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Establishing a connection

Groups on both sides of the Stillwater Lift Bridge debate and people on both sides of the St. Croix River are waiting for government and legal decisions on a replacement project.

While they wait, traffic flows over a 73-year-old bridge between Stillwater, Minn., and Wisconsin’s St. Croix County. Local leaders say the span is inefficient and dangerous.

In the early 1990s, officials realized a new bridge was needed, but historical and environmental concerns – the St. Croix is protected under the federal Wild and Scenic River Act – kept delaying the project, said Gary Kriesel, Washington County, Minn., commissioner.

“The Stillwater Bridge is a choke point for traffic,” he said. “Cars get backed up and it leads to pollution, and some drivers cut through residential neighborhoods to make up their time.

“We have waited so long for this new bridge, and the longer we wait, the more the cost goes up.”

The cost is estimated at $582.3 million, and the Wisconsin and Minnesota departments of transportation are asking the federal government for $300 million in American Recovery and Reinvestment Act money to get the project started in 2010. Without that, the project would not begin until 2012. A decision on the grant request is expected in January.

Legal challenge

The replacement bridge would be the main Minnesota-Wisconsin crossing north of Interstate 94 and would divert thousands of daily commuters out of Stillwater’s historic downtown.

Todd Clarkowski, the St. Croix crossing team leader for the Minnesota DOT, said the project is unique because the process involves local governments, state governments, federal agencies, business groups and organizations concerned that a new bridge would damage the St. Croix. The planners began meeting in 2002 and by 2006 agreed on a strategy for the project.

Not everyone, however, is on board.

In 2007, the Sierra Club sued to stop construction of the new crossing, arguing it would destroy the river.

The Sierra Club and attorneys from state and federal agencies argued their sides before a federal judge in mid-September. As of deadline for this story, no announcement had been made about when a decision is expected.

The Sierra Club also filed a letter with the federal government requesting the project be denied stimulus money, said Jim Rickard, vice chairman of the Sierra Club’s St. Croix Valley Interstate Group.

“There are better alternatives of how this money could be spent to benefit more Minnesota residents,” he said. “We’re not against a replacement bridge. We just want to make sure every alternative has been discussed and that the ramifications of this new bridge are fully looked at.”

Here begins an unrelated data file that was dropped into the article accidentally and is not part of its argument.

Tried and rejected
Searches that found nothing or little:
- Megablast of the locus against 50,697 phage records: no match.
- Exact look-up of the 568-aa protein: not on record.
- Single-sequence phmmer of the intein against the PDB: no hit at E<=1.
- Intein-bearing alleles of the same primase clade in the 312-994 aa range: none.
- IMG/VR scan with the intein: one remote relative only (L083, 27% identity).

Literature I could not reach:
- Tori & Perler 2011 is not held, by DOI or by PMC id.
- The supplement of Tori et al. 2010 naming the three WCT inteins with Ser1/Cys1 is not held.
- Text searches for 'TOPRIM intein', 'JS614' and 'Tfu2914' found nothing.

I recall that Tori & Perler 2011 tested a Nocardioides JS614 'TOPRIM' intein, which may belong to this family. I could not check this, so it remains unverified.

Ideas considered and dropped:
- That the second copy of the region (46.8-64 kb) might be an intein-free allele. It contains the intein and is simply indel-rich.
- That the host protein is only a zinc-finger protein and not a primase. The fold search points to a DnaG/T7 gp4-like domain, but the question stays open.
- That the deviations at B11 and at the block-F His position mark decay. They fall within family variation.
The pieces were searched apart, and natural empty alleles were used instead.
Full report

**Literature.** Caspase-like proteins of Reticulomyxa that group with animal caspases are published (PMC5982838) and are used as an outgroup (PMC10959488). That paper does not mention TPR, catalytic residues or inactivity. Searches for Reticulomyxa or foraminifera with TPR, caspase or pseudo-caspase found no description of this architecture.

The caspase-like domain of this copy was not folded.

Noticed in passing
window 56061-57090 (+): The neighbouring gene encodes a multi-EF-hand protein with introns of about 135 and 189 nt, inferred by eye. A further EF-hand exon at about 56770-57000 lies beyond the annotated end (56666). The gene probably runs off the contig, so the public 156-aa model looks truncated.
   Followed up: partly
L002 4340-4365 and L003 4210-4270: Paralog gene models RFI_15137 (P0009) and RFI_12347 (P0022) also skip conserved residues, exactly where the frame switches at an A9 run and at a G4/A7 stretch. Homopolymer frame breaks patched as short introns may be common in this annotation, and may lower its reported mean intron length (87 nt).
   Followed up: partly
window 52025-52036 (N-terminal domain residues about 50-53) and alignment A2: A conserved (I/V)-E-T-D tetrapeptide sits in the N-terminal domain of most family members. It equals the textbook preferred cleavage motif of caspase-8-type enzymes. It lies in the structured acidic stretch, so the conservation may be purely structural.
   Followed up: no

In the mid-1990s, the Sierra Club successfully sued to stop planning for a different project to replace the Stillwater Bridge. State and federal officials say the current project is much different from the one proposed then.

Ready and waiting

While waiting for the federal grant decision, the Minnesota and Wisconsin DOTs are preparing for the project and will be ready if it begins next fall, Clarkowski said.

Officials are not waiting for a decision on the Sierra Club lawsuit.

“We keep moving ahead,” Clarkowski said. “We’re acquiring the right-of-ways and laying groundwork for an $18 million mitigation project at the site of the new crossing that includes wetland replacement, relocate and transfer of endangered species and other issues.”

The Stillwater Lift Bridge is to be turned into a pedestrian and bicycle crossing when a replacement structure is built. Photo by Wm. Glasheen

The Stillwater Lift Bridge is to be turned into a pedestrian and bicycle crossing when a replacement structure is built. Photo by Wm. Glasheen

The new bridge, which would be downriver from the current bridge in Stillwater, will be an extradosed bridge, which calls for shorter towers with cables connecting the towers to the bridge deck. The St. Croix crossing would be only the second extradosed bridge in the United States.

“The stakeholders were given a lot of design options and they went with the extradosed bridge,” Clarkowski said. “Its lower profile will not overwhelm the area’s scenic beauty.”

Once the new bridge is built, the Stillwater Bridge will be turned into a pedestrian and bicycle crossing as part of a trail loop system.

“We’re excited that we’ll be able to retain the bridge as a piece of history in Stillwater,” Kriesel said.

The new bridge will be an economic shot-in-the-arm for the area, he said, and the project will create an estimated 2,970 construction jobs.

“Let’s put people to work,” Kriesel said, “and get this bridge built.”

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